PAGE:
Not to be confused with Takashi Miike's Masters of Horror episode of the same name, Imprint is an effective, low budget supernatural thriller set on an Indian reservation. Though working with limited resources, director Michael Linn manages to maintain an unsettling sense of tension throughout.
Shayla Stonefeather, played well by Tonantzin Carmelo, is a prosecuting attorney trying a fellow Native American for murder in Denver. The boy, Robbie Whiteshirt (Joseph Medicine Blanket) and his brother loudly protest his innocence, but Shayla manages to get him convicted regardless. Shortly thereafter, Robbie is killed while trying to escape from custody. Stressed and conflicted over prosecuting one of her own, Shayla returns to her parents' home on the reservation to sort things out.
Soon after she arrives, strange things begin to happen. Shayla hears people walking around in the house and seeing shadows where none should be. Her mother Rebecca (Carla-Rae Holland) hears and sees nothing, thinking that Shayla is confused and upset by her father's deteriorating health. Shayla's father is suffering from some sort of catatonic condition, which is eventually fatal, and at times he will suddenly burst out shouting angrily. Shayla slowly begins to suspect that these outbursts may have something to do with her brother's disappearance several years ago.
In addition to her family issues, Shayla has to deal with all the folks on the reservation who think she has betrayed her people, going so far as to paint "apple" on her car. (An apple, it seems, is a Native American who has "gone white". They are red on the outside and white on the inside.) There is also the slightly annoying boyfriend the district attorney, the old flame from back home, and a possible ghost that may or may not be the spirit of the dead boy she prosecuted. All in all, quite a stressful time for Ms. Stonefeather.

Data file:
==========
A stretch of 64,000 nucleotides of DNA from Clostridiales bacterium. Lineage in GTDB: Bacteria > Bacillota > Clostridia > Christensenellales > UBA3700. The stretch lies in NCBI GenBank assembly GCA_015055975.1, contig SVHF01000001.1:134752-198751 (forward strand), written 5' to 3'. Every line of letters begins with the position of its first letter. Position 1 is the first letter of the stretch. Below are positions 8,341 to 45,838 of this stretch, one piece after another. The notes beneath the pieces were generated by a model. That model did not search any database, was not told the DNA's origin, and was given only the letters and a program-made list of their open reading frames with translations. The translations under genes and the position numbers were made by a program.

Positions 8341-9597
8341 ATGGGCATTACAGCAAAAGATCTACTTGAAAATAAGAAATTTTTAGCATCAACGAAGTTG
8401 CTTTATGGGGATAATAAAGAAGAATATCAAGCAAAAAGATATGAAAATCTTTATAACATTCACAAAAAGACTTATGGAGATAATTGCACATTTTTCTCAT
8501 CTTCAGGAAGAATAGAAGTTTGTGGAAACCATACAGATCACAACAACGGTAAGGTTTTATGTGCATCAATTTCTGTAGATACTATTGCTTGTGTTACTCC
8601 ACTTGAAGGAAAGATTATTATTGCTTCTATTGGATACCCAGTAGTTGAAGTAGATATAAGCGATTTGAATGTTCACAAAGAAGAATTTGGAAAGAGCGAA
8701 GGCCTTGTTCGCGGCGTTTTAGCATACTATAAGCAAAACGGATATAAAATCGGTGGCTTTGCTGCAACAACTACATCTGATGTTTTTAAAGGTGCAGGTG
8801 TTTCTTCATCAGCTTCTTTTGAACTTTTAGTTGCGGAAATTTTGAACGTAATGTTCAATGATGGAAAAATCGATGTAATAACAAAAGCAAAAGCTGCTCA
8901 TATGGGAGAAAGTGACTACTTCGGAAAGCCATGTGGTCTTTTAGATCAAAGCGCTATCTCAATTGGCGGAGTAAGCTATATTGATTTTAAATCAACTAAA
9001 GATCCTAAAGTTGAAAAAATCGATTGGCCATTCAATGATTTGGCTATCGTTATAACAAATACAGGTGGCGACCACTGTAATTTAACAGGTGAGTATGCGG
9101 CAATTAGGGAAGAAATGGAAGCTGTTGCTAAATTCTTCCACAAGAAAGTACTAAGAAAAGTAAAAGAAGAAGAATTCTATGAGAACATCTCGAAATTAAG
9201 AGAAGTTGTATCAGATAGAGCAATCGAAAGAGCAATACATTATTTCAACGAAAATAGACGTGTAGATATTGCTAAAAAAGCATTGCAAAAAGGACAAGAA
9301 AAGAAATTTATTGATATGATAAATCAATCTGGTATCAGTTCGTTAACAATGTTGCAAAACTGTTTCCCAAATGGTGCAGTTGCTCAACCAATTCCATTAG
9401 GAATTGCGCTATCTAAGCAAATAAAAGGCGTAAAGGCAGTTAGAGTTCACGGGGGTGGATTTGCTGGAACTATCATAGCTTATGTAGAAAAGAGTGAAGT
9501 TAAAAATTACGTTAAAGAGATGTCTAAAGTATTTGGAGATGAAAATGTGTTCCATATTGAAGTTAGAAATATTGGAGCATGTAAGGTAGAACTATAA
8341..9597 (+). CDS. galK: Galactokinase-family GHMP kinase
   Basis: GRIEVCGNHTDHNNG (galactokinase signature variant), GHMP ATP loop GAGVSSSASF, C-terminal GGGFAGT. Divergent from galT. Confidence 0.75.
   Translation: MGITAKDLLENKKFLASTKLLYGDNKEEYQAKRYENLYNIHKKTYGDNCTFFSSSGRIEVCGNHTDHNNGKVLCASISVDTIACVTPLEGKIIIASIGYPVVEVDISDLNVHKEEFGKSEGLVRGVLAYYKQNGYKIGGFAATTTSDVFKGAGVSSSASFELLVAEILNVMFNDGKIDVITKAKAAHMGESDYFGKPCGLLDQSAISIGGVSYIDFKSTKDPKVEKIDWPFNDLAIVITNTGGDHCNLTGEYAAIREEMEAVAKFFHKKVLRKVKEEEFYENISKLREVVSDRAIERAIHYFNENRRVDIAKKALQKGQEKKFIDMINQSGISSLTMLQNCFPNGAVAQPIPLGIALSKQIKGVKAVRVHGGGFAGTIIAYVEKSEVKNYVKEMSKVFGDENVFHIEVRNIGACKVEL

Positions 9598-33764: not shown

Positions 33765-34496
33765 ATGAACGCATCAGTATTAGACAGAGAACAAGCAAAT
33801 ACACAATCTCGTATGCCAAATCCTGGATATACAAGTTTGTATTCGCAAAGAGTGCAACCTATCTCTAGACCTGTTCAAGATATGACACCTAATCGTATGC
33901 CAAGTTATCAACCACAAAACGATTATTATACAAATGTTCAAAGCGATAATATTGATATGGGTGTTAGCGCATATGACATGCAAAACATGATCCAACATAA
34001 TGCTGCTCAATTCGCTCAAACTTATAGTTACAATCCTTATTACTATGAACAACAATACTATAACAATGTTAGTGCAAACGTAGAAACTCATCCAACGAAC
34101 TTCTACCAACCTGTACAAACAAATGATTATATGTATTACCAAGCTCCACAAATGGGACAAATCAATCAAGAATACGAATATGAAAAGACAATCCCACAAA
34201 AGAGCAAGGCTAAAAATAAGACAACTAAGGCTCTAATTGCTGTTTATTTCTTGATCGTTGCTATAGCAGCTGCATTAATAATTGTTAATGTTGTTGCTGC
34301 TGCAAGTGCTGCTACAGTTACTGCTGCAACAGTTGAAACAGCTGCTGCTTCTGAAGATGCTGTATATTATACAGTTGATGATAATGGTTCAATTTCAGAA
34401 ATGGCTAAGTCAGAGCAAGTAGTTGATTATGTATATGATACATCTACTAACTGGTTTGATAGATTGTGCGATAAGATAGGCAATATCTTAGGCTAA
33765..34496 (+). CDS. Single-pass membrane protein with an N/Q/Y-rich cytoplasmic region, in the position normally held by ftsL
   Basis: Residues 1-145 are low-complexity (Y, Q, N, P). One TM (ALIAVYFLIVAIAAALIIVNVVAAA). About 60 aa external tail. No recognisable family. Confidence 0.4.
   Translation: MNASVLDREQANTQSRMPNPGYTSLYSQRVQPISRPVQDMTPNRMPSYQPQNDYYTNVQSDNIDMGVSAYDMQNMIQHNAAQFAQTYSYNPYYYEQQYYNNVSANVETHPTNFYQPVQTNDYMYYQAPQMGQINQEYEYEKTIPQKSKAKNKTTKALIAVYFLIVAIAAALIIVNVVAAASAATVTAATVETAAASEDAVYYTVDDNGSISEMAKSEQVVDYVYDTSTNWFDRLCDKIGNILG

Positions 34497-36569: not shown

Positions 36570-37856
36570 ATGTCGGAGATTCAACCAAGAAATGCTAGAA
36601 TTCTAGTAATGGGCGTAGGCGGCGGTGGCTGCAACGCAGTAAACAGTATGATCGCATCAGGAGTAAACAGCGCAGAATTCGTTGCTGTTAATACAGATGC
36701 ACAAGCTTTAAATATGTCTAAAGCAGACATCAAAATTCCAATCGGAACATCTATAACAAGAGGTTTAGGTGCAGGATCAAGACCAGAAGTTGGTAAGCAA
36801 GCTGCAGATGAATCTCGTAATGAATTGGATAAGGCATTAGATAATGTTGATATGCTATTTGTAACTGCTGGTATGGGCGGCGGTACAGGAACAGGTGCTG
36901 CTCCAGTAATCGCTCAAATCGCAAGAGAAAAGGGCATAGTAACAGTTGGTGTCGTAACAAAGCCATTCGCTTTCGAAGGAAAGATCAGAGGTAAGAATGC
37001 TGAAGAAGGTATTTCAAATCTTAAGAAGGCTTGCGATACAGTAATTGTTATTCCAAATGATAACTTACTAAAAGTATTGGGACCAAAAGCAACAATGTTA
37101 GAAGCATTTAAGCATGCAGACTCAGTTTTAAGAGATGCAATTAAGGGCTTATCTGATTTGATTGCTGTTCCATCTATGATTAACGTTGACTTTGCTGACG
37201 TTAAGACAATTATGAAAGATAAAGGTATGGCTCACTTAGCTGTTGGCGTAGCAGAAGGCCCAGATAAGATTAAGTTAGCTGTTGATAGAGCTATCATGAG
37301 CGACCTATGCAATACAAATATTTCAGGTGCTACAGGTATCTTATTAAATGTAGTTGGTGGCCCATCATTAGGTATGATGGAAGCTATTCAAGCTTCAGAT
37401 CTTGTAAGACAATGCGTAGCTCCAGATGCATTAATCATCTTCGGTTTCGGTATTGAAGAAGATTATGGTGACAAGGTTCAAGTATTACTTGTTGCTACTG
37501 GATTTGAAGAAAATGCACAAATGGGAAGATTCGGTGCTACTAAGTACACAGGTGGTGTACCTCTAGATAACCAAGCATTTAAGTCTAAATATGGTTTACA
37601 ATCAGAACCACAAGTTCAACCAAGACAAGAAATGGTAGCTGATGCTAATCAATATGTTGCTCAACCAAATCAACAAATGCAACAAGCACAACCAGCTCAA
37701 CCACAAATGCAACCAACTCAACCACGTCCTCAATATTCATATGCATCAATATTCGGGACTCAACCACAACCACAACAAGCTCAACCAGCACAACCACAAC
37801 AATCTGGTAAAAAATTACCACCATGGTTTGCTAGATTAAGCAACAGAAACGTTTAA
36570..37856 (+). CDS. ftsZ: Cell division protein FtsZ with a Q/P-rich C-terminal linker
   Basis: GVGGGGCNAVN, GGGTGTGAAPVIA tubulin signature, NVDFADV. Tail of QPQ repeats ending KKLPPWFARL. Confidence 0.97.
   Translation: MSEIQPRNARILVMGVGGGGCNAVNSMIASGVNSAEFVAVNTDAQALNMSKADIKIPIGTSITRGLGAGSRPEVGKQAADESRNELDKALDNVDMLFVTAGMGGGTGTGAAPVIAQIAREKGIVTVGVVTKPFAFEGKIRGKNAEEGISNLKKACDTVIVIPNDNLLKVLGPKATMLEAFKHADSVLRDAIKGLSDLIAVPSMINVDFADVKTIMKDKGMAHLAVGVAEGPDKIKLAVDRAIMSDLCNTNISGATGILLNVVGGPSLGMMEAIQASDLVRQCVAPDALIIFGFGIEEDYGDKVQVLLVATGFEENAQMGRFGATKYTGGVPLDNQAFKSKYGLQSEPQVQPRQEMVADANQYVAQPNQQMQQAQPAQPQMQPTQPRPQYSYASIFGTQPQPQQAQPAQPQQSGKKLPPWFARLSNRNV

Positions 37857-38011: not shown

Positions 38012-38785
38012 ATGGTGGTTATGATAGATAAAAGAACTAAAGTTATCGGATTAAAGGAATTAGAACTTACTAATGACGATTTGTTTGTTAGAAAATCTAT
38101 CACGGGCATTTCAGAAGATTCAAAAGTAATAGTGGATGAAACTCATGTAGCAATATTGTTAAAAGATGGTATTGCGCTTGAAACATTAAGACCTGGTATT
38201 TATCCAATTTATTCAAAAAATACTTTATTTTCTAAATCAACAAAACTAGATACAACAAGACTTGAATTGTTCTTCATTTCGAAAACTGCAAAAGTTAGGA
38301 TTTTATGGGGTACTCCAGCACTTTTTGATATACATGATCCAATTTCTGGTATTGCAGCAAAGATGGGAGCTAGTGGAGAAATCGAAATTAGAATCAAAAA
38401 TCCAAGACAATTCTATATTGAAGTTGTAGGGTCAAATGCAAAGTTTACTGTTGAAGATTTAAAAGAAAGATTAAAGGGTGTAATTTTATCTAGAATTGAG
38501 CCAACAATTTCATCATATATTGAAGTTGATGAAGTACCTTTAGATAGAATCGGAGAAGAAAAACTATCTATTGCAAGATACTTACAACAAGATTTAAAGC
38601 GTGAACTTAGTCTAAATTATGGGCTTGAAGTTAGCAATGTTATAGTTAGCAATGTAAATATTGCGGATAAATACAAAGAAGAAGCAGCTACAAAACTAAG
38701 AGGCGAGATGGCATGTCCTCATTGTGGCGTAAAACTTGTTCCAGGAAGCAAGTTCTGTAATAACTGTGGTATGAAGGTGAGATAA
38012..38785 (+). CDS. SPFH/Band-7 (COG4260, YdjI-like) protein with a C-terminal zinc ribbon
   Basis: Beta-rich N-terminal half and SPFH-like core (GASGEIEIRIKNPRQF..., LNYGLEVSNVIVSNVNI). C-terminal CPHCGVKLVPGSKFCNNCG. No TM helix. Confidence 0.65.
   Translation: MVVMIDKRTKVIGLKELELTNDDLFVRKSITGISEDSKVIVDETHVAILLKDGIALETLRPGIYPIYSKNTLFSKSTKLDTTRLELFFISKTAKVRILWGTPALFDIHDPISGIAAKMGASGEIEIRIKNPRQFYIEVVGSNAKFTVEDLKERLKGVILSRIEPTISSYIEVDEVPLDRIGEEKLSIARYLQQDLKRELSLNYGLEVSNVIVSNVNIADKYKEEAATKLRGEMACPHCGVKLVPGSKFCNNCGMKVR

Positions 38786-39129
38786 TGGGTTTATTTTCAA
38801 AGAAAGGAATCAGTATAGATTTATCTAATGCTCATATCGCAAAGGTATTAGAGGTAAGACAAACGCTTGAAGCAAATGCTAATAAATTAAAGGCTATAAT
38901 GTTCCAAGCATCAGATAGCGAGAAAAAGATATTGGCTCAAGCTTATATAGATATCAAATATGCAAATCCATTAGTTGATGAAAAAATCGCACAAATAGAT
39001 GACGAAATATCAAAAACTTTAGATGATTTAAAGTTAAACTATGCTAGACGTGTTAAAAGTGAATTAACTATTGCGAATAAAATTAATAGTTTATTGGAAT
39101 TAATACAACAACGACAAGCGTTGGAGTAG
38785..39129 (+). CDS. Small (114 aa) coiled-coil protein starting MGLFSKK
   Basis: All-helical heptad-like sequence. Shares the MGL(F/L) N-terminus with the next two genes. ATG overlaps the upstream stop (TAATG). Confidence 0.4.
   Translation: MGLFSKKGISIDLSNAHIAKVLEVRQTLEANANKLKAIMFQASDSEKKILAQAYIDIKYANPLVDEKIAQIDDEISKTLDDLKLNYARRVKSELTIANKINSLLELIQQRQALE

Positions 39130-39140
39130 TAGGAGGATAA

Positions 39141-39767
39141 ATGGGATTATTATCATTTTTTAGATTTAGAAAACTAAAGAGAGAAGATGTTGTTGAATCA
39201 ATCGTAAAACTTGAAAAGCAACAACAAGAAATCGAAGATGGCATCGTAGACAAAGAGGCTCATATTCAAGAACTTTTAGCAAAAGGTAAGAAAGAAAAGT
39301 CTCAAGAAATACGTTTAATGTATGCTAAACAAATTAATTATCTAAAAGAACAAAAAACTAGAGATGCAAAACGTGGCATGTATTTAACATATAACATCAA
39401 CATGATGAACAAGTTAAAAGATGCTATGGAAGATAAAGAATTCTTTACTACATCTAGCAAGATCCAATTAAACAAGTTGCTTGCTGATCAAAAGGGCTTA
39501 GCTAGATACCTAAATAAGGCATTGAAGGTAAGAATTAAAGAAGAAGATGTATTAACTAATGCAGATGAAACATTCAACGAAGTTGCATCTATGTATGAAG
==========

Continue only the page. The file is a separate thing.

Clearly working with very limited resources, Linn adeptly handles the supernatural elements of the film, mixing in heavy doses of Native American spirituality. The spiritual aspects can be a bit heavy handed, and at least twice descend into mild preachiness, but overall add to the otherworldly feel. There are a number of good jump scares that even startled an old horror pro like myself, and Linn manages to maintain a sense of dread throughout. He is subtle as well, with shadows moving in the background or the corner of our eye. We are perpetually waiting for the next scare, wondering if it will come from out of that dark closet or around that corner, and this makes for an engaging film.
This is not to say that Imprint is without flaws. It was made on a low budget, and many of the cast are obviously inexperienced. Carmelo is a standout in her portrayal of Shayla, elevating her occasionally stilted dialogue, but the rest of the cast is competent enough that we are never pulled too far out of the experience. The writing is good but not excellent, and the surprise ending is unexpected (I only guessed the ultimate twist a second or two before the reveal) but somewhat emotionally unsatisfying.
Having said all that, Imprint is greater than the sum of its parts. Working with limited materials, Linn and company have managed to construct an enjoyable supernatural thriller that allows the viewer an insight into a piece of American culture with which most viewers will have little experience.